April 21, 2011
One reason the U.S. government has been pushing for home ownership is because it’s said to reduce turnover and build strong communities. But, as I learned on a recent trip to Hong Kong, there may be other ways to get there. Some background might be helpful here: In many Asian countries, commercial building landlords don’t […]
One reason the U.S. government has been pushing for home ownership is because it’s said to reduce turnover and build strong communities. But, as I learned on a recent trip to Hong Kong, there may be other ways to get there.
Some background might be helpful here: In many Asian countries, commercial building landlords don’t finance tenant improvement allowances (the cost of paying for an office or retail tenant to customize their space), the way most do here. Leases are relatively short (often three years, vs our customary five to 10) but tenants tend to stay if the rents are reasonable, after all, they have invested in (and effectively own) an immoveable piece of the asset.
In Hong Kong, as I learned, subsidized housing works in much the same way. Thirty percent of the population lives in government subsidized housing–”Housing Estates”– as they are called. These units are rented out as bare shells. The apartments are essentially concrete boxes with only a skim coat of plaster (and plumbing conduit running on the outside of the building). As a result, the units are less prone to damage and can be more easily cleaned up when tenants change.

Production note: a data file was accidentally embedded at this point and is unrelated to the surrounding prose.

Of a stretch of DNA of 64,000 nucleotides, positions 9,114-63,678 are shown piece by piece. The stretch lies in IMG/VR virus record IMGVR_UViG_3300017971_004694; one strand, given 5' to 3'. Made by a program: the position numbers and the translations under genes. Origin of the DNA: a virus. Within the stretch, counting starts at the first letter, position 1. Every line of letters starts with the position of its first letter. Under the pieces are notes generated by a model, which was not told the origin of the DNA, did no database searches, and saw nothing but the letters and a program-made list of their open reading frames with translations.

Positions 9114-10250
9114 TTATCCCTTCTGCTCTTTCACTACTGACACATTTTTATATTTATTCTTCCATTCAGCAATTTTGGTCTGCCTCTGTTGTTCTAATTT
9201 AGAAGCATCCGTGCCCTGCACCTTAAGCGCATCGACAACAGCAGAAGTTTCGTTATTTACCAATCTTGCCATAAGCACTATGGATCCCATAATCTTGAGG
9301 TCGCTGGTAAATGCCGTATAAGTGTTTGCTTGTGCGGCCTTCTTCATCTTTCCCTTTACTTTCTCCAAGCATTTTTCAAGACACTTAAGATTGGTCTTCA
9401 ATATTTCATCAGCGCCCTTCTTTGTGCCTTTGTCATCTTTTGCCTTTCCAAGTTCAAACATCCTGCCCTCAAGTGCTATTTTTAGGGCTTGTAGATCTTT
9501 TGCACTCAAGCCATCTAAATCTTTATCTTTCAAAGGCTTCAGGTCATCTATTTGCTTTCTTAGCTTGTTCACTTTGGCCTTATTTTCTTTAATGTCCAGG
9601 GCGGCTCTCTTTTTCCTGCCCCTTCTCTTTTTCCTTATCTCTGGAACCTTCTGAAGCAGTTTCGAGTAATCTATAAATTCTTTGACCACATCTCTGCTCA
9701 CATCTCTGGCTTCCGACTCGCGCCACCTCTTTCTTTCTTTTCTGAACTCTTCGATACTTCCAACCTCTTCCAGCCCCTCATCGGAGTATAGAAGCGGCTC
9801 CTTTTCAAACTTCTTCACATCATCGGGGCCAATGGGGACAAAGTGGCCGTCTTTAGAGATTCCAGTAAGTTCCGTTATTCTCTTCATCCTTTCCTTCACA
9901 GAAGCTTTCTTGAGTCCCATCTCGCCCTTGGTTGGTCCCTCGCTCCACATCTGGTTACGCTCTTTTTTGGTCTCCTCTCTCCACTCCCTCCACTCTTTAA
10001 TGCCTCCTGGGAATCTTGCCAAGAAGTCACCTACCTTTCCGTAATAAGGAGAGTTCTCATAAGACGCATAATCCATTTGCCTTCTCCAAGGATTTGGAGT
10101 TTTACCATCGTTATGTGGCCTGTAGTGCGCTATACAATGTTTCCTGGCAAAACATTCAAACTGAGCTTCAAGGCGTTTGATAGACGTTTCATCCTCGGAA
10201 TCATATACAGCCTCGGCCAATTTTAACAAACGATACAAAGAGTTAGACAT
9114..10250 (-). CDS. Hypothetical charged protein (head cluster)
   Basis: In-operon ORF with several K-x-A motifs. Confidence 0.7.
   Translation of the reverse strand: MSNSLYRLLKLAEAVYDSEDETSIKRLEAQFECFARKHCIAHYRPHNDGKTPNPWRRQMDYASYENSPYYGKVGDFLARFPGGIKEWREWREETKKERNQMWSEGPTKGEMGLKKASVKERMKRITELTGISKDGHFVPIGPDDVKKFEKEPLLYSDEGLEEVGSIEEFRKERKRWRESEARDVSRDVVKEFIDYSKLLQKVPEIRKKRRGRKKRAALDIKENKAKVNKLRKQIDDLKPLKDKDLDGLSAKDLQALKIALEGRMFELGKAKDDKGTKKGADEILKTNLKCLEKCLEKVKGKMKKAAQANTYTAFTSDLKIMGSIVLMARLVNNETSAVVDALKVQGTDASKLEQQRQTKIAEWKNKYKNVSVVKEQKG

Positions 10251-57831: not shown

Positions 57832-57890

(image: Hong Kong’s Ching Ho Tower, photo: Mark Huppert.)
When I think of the degradation of finishes in many affordable housing projects here in the U.S., and the cost created by trying to make them indestructible, the “shell only” model seems like a brilliant solution.
But what really reduces tenant changeover costs is the infrequency of tenant changeovers. Once a family is assigned to a unit, they can’t switch for another one unless their circumstances change dramatically. In compact, rail-connected Hong Kong, a change of job, for instance, doesn’t seem to call for a move.
Another reason people stay put is that they, like the corporate tenants in commercial space, own their finishes. Their investment in flooring, cabinetry, appliances, light fixtures, and air-conditioning units tends to connect them to their vertical community better than our subsidized housing projects do. Many stay in the unit they were first assigned for the rest of their lives. In contrast, even in our market-rate apartments, it’s typical for 50 to 75% of all tenants to move on within one year.
This Hong Kong experience with affordable leases showed me that there is more than one way to build lasting assets and strong communities around them. Give people an affordable box with running water, a toilet, and a sink. Let them customize it. Let them own their investment in their interiors.
In the end, this approach may be a tremendous lever–an important alternative to home ownership–to align renters in a fundamental way with the success of their communities.
A. P. Hurd is a Vice President at Touchstone Corporation in Seattle, and an Affiliate Fellow of the Runstad Center for Real Estate Studies in the College of Built Environments at the University of Washington. The interdisciplinary group of Fellows recently returned from a research trip to Hong Kong. Read more about their findings on their blog